Re: Freewriting

Suzanne Cherry (smcherry@UNCCVX.UNCC.EDU)
Wed, 24 Jul 1996 13:38:01 EDT

Jane and others are calling our narratives about our own processes
confessions (*true or otherwise*), which strikes me as a fascinating
choice of words. But, then, I'm fascinated by narratives and the
role(s) it plays in our learning and our teaching of composition, anyway.

All of this to say -- I've observed students handing me drafts/final
copies of writing only after they preface the text with a variety of
apologies/confessions/expressions of emotion (almost all negative
perceptions of their own writing). I find myself doing the same thing
when I ask my senior colleagues to read drafts of my work -- articles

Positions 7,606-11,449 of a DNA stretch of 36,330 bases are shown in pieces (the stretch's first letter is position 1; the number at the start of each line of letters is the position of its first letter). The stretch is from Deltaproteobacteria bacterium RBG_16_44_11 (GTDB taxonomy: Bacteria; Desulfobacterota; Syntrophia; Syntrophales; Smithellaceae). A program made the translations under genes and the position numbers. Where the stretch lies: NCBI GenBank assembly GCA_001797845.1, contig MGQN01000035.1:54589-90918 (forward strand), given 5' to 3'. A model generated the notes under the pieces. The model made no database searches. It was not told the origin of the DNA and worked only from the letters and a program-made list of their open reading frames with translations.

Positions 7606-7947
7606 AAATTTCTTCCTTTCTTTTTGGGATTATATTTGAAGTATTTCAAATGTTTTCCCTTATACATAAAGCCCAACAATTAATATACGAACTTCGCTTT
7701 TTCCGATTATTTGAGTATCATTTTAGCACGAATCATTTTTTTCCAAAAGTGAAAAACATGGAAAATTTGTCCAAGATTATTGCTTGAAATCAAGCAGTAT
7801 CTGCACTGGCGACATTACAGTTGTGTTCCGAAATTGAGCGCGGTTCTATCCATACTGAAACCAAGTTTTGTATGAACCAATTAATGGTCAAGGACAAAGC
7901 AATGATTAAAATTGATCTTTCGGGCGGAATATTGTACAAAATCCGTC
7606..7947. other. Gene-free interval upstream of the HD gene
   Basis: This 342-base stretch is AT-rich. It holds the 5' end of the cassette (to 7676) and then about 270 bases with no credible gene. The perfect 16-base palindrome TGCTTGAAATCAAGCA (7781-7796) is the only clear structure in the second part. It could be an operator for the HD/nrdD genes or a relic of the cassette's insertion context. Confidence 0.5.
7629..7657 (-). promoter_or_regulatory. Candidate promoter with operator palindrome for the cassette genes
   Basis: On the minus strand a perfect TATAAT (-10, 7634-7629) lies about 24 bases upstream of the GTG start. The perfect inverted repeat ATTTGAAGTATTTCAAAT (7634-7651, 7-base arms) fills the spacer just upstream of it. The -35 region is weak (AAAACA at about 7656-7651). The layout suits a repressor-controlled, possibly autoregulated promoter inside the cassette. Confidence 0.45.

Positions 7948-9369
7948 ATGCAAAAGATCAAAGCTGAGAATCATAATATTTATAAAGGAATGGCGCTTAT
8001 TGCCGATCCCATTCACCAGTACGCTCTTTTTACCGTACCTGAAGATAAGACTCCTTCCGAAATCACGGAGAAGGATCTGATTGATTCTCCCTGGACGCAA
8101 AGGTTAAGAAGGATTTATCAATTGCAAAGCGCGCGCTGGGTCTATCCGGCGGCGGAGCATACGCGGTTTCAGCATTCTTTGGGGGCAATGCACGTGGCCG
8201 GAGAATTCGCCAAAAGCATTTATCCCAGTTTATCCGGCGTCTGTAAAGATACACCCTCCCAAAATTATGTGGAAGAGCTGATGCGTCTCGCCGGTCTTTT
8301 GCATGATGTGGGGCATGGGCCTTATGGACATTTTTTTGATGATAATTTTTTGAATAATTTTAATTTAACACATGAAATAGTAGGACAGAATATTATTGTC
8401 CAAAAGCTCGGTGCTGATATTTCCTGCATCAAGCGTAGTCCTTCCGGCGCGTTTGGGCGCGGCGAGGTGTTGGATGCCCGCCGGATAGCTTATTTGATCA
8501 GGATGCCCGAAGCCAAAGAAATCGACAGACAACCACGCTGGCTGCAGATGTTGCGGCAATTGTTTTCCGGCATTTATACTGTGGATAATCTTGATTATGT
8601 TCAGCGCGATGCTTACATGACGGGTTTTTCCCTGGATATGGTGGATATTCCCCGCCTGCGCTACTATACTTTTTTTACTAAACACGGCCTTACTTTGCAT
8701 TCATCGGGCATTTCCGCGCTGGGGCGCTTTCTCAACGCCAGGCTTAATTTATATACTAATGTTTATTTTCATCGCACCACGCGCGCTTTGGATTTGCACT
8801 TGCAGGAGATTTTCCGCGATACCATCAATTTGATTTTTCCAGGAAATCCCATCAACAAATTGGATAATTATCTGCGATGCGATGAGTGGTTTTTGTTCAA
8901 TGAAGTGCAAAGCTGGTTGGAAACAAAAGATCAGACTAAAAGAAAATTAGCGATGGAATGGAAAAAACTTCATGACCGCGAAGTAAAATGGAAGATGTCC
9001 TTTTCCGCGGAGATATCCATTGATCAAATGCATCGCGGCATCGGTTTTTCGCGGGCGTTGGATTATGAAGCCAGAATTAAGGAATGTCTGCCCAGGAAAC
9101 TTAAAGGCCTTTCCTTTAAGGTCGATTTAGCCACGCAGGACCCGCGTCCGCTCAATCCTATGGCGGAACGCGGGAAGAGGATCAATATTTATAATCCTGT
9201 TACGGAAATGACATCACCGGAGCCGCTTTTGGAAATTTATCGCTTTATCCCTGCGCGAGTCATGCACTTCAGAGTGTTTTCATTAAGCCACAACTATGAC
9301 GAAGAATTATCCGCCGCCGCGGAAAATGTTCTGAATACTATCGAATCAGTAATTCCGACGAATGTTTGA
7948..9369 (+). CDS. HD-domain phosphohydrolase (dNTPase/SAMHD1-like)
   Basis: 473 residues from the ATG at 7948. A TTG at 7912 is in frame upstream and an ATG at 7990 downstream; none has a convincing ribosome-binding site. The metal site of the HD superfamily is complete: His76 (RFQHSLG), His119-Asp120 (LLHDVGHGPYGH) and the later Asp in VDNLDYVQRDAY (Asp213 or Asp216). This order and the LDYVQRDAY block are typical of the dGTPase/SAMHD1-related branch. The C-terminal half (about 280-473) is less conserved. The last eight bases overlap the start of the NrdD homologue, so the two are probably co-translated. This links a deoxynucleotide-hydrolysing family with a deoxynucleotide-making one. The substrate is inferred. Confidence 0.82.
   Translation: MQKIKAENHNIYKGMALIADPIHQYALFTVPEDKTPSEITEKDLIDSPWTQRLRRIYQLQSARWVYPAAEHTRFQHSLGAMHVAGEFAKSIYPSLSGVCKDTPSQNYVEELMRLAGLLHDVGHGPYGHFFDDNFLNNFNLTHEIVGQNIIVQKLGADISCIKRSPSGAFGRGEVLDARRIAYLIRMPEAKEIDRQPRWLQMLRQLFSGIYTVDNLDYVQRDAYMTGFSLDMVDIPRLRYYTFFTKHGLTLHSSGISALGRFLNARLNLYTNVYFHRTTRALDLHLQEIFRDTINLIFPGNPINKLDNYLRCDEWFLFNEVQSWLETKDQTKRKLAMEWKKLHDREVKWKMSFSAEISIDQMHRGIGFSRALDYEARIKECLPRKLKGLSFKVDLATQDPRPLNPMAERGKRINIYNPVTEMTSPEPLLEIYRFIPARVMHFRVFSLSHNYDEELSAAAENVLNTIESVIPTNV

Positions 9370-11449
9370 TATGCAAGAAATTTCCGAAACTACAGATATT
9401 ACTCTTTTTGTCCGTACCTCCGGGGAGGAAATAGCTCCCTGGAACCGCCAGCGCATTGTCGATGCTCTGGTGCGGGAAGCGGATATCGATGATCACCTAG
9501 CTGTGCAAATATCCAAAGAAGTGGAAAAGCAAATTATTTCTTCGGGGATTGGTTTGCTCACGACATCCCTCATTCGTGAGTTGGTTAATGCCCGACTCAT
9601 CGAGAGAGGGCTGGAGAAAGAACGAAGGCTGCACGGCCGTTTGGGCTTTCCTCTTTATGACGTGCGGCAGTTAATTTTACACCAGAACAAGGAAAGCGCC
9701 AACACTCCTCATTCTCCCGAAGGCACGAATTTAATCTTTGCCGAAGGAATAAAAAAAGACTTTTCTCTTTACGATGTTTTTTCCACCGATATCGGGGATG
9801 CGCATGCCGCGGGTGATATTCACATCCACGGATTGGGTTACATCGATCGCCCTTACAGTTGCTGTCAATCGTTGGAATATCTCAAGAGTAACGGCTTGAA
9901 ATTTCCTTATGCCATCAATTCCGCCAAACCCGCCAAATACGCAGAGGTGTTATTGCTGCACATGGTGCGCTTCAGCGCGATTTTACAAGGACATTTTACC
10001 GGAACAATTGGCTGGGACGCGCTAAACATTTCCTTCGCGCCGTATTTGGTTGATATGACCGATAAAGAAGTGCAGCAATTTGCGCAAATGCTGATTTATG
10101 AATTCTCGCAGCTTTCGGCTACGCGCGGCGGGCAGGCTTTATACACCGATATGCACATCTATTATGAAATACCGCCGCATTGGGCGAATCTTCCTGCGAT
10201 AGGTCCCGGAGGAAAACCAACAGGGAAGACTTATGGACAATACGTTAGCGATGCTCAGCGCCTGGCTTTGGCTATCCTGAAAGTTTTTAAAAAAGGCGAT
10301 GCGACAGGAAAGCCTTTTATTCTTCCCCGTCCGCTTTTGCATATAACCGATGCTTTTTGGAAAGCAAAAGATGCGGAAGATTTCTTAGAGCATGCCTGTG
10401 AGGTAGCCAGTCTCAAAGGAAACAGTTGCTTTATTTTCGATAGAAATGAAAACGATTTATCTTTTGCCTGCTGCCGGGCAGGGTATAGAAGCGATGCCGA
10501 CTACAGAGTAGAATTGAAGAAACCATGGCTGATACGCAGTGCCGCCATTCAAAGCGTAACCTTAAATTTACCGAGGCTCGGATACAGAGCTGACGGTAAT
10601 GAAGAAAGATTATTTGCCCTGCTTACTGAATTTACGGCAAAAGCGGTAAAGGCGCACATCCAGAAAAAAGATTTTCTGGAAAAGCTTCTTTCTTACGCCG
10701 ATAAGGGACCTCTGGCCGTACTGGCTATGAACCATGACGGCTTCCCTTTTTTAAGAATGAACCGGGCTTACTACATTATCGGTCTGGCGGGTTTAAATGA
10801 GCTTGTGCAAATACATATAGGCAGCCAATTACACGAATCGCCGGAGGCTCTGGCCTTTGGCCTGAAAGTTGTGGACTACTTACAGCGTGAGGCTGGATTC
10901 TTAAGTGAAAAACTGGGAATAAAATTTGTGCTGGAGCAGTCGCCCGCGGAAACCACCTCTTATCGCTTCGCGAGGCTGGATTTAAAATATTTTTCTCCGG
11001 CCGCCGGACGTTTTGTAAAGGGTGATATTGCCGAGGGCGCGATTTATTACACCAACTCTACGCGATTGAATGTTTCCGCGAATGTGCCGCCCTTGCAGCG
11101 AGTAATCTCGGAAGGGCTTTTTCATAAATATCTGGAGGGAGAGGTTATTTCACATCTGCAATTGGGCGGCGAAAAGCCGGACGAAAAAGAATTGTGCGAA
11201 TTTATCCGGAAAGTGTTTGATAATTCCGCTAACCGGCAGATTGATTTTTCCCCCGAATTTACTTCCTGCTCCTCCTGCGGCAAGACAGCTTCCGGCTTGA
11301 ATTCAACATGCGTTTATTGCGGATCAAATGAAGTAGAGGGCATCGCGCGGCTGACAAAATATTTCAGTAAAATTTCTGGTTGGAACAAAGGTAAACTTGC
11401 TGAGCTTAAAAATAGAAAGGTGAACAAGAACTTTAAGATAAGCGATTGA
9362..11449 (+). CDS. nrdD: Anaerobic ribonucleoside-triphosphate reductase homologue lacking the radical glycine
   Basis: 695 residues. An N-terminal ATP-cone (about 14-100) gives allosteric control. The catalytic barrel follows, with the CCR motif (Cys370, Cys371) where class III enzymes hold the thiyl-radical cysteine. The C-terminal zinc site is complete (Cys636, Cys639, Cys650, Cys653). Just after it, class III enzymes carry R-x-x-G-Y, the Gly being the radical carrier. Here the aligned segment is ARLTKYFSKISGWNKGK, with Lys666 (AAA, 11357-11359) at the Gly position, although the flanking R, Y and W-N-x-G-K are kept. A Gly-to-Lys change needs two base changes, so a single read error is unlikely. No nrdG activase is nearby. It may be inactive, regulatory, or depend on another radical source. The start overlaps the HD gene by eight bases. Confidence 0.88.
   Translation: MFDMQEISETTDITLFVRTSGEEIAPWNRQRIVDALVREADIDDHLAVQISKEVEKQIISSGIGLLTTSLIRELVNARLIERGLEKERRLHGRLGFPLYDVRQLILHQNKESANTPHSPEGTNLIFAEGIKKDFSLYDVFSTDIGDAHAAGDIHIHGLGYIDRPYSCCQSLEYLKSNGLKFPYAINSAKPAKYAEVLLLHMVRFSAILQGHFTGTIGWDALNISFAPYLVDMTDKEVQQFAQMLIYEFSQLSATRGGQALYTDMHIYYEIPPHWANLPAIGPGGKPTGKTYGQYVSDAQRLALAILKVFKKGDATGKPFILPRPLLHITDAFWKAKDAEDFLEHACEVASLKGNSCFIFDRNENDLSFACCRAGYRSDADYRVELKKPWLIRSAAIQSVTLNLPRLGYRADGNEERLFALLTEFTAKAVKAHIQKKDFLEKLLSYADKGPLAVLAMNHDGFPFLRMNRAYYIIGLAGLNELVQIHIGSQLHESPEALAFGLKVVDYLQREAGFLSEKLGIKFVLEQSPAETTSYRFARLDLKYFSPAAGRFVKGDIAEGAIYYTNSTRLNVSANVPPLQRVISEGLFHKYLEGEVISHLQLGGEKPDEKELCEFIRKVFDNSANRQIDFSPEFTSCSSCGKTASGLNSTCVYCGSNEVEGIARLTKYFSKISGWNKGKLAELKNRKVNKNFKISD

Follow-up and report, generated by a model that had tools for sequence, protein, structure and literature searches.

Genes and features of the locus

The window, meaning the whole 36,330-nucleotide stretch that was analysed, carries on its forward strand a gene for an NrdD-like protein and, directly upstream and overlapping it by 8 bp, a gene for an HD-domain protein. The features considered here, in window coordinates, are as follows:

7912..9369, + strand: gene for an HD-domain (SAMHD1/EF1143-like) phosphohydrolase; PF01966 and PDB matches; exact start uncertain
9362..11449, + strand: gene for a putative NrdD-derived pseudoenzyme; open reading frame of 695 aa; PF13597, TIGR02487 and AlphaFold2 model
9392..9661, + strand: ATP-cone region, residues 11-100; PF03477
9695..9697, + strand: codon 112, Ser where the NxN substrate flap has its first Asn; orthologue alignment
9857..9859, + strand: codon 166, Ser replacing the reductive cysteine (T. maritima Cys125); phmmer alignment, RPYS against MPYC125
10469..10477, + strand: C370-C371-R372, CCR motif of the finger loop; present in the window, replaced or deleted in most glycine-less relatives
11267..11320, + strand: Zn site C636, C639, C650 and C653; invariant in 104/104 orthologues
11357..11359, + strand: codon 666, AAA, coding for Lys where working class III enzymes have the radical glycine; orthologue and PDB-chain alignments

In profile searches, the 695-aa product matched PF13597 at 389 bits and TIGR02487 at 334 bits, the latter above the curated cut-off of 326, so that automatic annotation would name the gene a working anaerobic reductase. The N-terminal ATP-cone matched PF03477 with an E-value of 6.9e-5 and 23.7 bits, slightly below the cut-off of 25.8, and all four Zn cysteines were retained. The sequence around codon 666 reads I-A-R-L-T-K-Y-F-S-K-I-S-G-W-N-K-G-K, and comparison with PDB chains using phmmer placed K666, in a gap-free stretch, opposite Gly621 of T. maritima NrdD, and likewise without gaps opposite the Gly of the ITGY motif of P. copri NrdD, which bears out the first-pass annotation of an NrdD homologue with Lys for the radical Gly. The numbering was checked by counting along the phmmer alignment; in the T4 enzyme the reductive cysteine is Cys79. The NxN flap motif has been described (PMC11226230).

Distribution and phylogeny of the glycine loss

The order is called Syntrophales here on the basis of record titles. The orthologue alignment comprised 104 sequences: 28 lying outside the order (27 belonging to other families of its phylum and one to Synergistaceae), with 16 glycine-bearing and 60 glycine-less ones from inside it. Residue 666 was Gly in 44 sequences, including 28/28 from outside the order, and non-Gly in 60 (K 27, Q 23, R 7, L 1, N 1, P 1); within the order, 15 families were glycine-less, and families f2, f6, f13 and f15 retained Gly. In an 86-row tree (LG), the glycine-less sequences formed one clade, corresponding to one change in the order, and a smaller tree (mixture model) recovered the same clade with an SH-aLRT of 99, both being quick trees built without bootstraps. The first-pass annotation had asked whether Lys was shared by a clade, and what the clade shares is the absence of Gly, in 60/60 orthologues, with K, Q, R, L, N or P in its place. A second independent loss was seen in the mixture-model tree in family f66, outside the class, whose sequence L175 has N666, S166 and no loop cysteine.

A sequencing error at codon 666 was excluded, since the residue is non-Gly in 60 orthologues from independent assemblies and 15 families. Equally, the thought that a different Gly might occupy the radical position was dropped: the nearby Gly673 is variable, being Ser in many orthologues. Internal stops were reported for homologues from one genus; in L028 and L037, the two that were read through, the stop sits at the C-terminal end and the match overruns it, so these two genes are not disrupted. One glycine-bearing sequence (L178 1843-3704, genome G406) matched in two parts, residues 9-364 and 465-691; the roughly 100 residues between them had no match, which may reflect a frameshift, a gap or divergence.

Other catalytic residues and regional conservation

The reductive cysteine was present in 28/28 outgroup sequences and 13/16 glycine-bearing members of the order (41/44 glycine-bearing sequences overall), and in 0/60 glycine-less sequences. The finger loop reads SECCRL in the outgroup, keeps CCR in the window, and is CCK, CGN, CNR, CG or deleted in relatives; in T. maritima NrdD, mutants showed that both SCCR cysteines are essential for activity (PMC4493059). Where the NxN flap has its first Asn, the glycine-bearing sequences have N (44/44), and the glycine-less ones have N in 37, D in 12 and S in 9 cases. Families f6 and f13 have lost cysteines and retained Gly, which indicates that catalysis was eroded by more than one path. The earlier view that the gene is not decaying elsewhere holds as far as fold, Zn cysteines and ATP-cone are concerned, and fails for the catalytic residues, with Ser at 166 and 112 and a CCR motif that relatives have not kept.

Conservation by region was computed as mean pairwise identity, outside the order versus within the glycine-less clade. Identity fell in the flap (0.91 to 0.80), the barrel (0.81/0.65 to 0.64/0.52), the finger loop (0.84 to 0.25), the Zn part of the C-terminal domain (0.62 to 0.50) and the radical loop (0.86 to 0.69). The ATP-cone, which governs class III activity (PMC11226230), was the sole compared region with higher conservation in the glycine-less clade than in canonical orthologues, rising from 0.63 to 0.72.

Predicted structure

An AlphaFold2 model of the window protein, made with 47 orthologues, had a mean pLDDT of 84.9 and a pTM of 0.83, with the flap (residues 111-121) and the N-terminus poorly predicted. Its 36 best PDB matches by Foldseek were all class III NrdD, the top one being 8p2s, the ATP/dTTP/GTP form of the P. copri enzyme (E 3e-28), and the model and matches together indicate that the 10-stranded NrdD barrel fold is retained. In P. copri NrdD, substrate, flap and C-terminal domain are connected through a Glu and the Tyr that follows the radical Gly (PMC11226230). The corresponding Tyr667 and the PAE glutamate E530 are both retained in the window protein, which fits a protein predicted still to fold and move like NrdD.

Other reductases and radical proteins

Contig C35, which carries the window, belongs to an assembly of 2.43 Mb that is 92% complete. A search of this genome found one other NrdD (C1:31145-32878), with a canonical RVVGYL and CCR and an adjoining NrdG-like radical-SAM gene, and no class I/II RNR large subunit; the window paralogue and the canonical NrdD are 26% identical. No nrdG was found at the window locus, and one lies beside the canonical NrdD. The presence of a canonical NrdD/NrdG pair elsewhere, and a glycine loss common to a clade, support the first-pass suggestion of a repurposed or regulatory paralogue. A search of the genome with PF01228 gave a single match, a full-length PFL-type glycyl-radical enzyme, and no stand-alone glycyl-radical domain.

I'm thinking of submitting for publication. I recall doing that a lot
with certain professors as a grad student, as well. I also recall one
rather painful lesson with a particular professor in which I learned his
comments always echoed the ones I made to him as I submitted a paper.
When I changed my preparatory remarks, his evaluations changed. What
did I learn? That for this person, I had to change the way I presented
my writing. I did not change the way I ask most people to read what
I write, though.

So, is there a piece of common ground here? What is it? What does it
matter and what does it say about the teaching/learning/doing of composing? I
don't know but would enjoy some discussion.

Suzanne Cherry
UNC at Charlotte